Teknofest Istanbul Aerospace and Technology Festival featured thousands of contestants from all over the world. Here is some of the coolest work from Turkey’s future tech pioneers.
“Marmaris is full of people with sunburns,” said Gulseren Yilmaz, 15, smiling at her partner, Selenay Arica. Arica was explaining their joint project as “Martilar Teknoloji Takimi (Seagulls Technology Team).” The two girls were demonstrating a model of their automated beach umbrella which would turn to shield the user every 10 minutes as the sun moved across the sky.
Arica told TRT World that the energy to operate the automated beach umbrella could be generated with solar panels - after all, the resort town of Marmaris, where the duo hail from, is sunny 320 days a year.
The two high school students from Marmaris Halici Ahmet Urkay Anadolu Lisesi were competing in the category “Technology for Humanity’s Benefit – Health” held under the aegis of Teknofest Istanbul Aerospace and Technology Festival between September 17 and 22, 2019.
Unlike Marmaris, a sunny town on the Mediterranean coast of Turkey, Istanbul was overcast and rainy on the Friday TRT World visited the festival. While that prevented some of the impressive air shows that wowed students on the other days of the festival, Teknofest was going full throttle despite the uncooperative weather.
Canan Cinar and her husband Mustafa Cinar, who works at Tusas (TAI – Turkish Aerospace Industries), said they were very impressed with Teknofest and were glad they braved the weather to visit the festival with their young daughters.
Teknofest was set up in Istanbul’s Ataturk Airport, no longer open to passenger traffic. School children bussed in from Istanbul and its environs curiously explored the grounded planes, the wind tunnel, the virtual reality stands as Teknofest’s cheerful theme music blasted “The festival whose feet don’t touch the ground!”
Neva Oden from Edirne’s Efkan Yildirim middle school said she would like to be involved in robotics, that she and her classmates had attended a workshop where they learned how to switch lights on and off with the assistance of robotics.
Teknofest was first held in 2018 at the newly built Istanbul Airport, and was moved to Ataturk Airport for 2019 once Istanbul Airport became operational. Last year there were 550,000 visitors; this year, there were more than a million visitors.
The Teknofest website describes the festival as “organised by the Turkish Technology Team Foundation (T3) to showcase Turkey's rapid advance in technology and to promote technology advances as a national cause.”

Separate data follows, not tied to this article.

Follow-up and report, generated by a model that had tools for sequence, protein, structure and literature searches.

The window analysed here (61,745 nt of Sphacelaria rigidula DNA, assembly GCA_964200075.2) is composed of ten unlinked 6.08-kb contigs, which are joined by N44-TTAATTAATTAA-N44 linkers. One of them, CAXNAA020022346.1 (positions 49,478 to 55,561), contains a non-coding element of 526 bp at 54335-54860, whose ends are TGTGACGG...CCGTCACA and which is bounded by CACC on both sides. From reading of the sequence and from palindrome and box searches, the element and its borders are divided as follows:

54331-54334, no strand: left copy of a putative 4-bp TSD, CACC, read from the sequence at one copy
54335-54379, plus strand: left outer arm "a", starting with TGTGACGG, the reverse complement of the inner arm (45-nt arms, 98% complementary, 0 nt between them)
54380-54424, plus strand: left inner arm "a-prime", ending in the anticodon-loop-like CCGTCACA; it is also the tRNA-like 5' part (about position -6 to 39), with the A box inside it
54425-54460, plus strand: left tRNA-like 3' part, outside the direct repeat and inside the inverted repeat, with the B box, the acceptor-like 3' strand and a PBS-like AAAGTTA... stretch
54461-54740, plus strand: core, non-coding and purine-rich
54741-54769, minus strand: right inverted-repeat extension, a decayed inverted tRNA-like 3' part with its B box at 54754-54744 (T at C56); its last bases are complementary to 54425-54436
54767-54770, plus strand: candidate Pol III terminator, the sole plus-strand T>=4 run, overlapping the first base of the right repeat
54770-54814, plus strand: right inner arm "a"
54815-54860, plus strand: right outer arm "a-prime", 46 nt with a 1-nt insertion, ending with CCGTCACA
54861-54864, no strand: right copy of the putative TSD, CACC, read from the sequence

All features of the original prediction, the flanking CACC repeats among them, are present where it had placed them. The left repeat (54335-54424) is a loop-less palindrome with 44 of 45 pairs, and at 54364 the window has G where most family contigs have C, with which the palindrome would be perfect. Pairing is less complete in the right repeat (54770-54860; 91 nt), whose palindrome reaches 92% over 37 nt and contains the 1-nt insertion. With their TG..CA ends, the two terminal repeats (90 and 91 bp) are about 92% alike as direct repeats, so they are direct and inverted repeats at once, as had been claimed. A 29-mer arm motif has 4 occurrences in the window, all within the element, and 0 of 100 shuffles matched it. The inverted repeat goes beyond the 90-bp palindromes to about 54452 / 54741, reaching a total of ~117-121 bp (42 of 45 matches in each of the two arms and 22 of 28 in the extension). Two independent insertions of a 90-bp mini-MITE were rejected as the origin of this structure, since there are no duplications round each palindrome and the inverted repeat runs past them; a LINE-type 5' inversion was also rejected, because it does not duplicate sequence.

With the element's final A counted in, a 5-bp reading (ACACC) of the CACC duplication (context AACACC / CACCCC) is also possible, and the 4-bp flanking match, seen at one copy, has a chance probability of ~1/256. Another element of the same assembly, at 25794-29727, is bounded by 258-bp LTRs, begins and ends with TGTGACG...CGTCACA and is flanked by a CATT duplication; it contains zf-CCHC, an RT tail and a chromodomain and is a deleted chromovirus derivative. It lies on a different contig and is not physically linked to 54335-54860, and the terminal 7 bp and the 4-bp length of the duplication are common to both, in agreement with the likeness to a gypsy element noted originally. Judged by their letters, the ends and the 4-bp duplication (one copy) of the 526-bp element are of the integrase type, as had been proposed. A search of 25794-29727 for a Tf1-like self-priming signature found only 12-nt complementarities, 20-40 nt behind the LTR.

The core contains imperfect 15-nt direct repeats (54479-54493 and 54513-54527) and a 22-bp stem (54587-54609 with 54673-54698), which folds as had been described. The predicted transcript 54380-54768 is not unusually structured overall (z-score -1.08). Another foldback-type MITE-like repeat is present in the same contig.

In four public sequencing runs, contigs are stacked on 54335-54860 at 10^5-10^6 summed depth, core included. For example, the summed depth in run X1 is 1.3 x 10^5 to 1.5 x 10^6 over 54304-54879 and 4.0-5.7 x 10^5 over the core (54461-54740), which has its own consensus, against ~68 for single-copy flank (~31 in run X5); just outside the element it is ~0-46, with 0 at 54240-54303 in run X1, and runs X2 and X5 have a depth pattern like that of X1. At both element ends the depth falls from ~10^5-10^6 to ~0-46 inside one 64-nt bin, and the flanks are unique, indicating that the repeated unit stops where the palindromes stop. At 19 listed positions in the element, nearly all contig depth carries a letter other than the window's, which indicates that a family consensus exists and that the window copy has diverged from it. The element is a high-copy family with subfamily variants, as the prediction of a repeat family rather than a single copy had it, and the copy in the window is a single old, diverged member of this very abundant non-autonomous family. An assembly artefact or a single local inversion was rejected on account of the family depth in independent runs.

During Teknofest, competitions were held including Flying Car Design Contest, Unmanned Underwater Systems Contest, Unmanned Aerial Vehicle Contest, and Turbo Fan Motor Design Competition.
Ten thousand contestants were selected to compete from among 50 thousand applicants from middle school, high school, university teams and professionals to develop the technology products of the future. A total of about $350,000 (more than 2 million TL) is being awarded to the winners.
Another group competing in the “Technology for Humanity’s Benefit” section, but this time for the “Education” subcategory, consisted of Atakan Vardar and Alihan Dursun of Kitap Kurtlari (Bookworms), hailing from Dalaman Mesleki ve Teknik Anadolu Lisesi (vocational high school).
“We would like to make reading a lifelong habit, and make librarians’ jobs easier,” Dursun told TRT World.
Dursun explained the project as beneficial to libraries and readers alike, in that it tracks who borrows a book, and allows readers to leave written or video reviews online. The system works by entering the name of the book or an ISBN barcode.
Kivanc Hudaverdi, 12, from Maker Must team of Era Koleji in Istanbul said his team worked on a project that would utilise drones to put out forest fires. Another project to put out forest fires, this time from a university student, Murat Toptas of Inonu University in Malatya, eastern Anatolia, made use of a rocket filled with a boron-based chemical mixture.
Another university student, industrial designer Deniz Yanik, had come out with toys he named Voxee for kids five to seven years old who suffered from Auditory Processing Disorder. Yanik said he was inspired for this project because of his sister, who also has auditory problems.
The hallways were full of students eagerly explaining their projects and prototypes to visitors and judges. As Selcuk Bayraktar, the founding chairman of the T3 Foundation, one of the main sponsors of Teknofest, told TRT World, “the youth that participate in these competitions will lead Turkey, will lead startups and technology companies in the future. That’s what we believe.”